“Thou shalt sing psalms and canticles and thou shalt say:
“’O sons of the Penguins, if there be among you a pure virgin, let her arise and go, armed with the sign of the cross, to combat the dragon!’”
Thus the old man spake, and Samuel promised to obey him. The next day he girded up his loins and set out with two of his companions to proclaim to the inhabitants of Alca that a virgin alone would be able to deliver the Penguins from the rage of the dragon.
Orberosia loved her husband, but she did not love him alone. At the hour when Venus lightens in the pale sky, whilst Kraken scattered terror through the villages, she used to visit in his moving hut, a young shepherd of Dalles called Marcel, whose pleasing form was invested with inexhaustible vigour. The fair Orberosia shared the shepherd’s aromatic couch with delight, but far from making herself known to him, she took the name of Bridget, and said that she was the daughter of a gardener in the Bay of Divers. When regretfully she left his arms she walked across the smoking fields towards the Coast of Shadows, and if she happened to meet some belated peasant she immediately spread out her garments like great wings and cried:
“Passer by, lower your eyes, that you may not have to say, ’Alas! alas! woe is me, for I have seen the angel of the Lord.’”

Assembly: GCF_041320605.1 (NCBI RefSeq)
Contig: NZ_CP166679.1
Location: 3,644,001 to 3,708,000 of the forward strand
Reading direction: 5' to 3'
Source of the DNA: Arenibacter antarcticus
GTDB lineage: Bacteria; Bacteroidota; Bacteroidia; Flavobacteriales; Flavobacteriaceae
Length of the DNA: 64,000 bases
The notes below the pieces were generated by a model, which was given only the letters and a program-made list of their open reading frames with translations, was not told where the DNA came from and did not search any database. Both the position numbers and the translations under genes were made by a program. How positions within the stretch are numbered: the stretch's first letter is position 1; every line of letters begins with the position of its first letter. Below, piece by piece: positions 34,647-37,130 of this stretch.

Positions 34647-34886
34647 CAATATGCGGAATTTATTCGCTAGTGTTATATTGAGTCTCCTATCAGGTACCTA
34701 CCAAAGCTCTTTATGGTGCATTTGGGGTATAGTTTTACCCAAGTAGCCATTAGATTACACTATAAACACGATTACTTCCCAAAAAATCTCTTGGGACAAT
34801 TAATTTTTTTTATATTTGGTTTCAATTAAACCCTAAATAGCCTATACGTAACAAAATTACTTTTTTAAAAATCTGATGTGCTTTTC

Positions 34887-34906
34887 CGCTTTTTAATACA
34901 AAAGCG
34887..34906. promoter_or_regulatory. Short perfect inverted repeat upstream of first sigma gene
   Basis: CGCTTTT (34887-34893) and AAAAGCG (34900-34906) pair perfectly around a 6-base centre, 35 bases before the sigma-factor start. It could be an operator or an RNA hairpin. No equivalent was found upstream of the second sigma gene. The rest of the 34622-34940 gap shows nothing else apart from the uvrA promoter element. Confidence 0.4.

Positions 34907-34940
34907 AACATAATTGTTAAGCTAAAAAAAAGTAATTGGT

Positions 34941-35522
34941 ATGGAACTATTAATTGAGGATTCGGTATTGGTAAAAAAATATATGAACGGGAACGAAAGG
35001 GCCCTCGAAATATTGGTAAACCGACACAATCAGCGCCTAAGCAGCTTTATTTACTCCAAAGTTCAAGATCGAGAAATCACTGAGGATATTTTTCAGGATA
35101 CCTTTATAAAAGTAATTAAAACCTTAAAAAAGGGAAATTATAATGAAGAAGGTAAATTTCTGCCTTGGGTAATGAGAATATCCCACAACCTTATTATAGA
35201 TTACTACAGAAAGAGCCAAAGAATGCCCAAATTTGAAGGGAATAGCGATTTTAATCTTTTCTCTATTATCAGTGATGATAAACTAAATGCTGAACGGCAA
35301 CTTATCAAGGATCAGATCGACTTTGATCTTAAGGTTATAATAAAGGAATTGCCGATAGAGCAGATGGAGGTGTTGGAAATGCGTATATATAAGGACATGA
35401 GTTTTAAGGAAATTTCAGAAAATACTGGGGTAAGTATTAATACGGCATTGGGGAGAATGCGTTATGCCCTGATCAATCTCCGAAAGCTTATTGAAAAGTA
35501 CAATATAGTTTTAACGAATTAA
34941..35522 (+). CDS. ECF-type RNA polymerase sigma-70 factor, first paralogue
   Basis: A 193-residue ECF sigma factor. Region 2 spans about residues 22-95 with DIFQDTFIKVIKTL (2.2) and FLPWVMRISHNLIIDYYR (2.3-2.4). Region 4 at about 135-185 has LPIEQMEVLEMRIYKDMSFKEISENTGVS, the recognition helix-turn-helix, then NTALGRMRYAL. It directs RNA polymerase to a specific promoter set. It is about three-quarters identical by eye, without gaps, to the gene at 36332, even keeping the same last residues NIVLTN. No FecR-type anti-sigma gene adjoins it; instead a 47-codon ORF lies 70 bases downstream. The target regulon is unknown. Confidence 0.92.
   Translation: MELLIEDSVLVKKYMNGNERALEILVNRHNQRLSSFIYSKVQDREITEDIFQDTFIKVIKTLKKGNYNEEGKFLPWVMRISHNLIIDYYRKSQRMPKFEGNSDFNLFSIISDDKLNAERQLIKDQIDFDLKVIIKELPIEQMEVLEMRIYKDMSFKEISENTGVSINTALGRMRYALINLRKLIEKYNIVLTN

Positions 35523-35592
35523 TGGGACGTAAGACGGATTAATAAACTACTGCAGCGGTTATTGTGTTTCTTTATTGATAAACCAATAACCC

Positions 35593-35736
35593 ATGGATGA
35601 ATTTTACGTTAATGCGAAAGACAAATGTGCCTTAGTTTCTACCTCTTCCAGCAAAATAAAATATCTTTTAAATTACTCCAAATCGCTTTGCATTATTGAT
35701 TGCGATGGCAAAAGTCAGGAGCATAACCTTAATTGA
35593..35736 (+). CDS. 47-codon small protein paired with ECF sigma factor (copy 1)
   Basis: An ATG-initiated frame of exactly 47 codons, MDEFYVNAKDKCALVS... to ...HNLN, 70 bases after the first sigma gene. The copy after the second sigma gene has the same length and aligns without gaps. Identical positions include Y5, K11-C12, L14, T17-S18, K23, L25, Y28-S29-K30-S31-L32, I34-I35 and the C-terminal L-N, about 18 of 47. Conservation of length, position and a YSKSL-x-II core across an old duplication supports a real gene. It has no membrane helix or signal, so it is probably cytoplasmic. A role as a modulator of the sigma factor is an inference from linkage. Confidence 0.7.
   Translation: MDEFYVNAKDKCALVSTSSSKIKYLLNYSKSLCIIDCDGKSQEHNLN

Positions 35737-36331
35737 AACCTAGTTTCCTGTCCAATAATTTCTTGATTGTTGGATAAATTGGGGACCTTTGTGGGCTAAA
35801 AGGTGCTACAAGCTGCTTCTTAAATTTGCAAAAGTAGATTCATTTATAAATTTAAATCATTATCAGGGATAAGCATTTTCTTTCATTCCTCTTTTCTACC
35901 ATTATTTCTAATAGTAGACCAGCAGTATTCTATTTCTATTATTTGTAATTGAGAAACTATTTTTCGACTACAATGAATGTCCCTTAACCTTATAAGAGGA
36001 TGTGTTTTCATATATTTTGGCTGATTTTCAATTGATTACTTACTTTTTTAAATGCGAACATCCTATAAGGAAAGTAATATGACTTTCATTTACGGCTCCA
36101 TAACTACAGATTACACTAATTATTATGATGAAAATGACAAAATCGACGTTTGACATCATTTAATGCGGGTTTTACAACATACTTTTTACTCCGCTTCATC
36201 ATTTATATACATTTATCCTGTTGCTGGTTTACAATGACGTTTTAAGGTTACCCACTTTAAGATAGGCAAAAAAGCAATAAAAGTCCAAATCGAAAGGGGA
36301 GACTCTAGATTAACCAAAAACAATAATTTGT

The villagers tremblingly knelt with their faces to the round. And several of them used to say that angels, whom it would be death to see, passed along the roads of the island in the night time.
Kraken did not know of the loves of Orberosia and Marcel, for he was a hero, and heroes never discover the secrets of their wives. But though he did not know of these loves, he reaped the benefit of them. Every night he found his companion more good-humoured and more beautiful, exhaling pleasure and perfuming the nuptial bed with a delicious odour of fennel and vervain. She loved Kraken with a love that never became importunate or anxious, because she did not rest its whole weight on him alone.
This lucky infidelity of Orberosia was destined soon to save the hero from a great peril and to assure his fortune and his glory for ever. For it happened that she saw passing in the twilight a neatherd from Belmont, who was goading on his oxen, and she fell more deeply in love with him than she had ever been with the shepherd Marcel. He was hunch-backed; his shoulders were higher than his ears; his body was supported by legs of different lengths; his rolling eyes flashed, from beneath his matted hair. From his throat issued a hoarse voice and strident laughter; he smelt of the cow-shed. However, to her he was beautiful. “A plant,” as Gnatho says, “has been loved by one, a stream by another, a beast by a third.”
Now, one day, as she was sighing within the neatherd’s arms in a village barn, suddenly the blasts of a trumpet, with sounds and footsteps, fell upon her ears; she looked through the window and saw the inhabitants collected in the marketplace round a young monk, who, standing upon a rock, uttered these words in a distinct voice: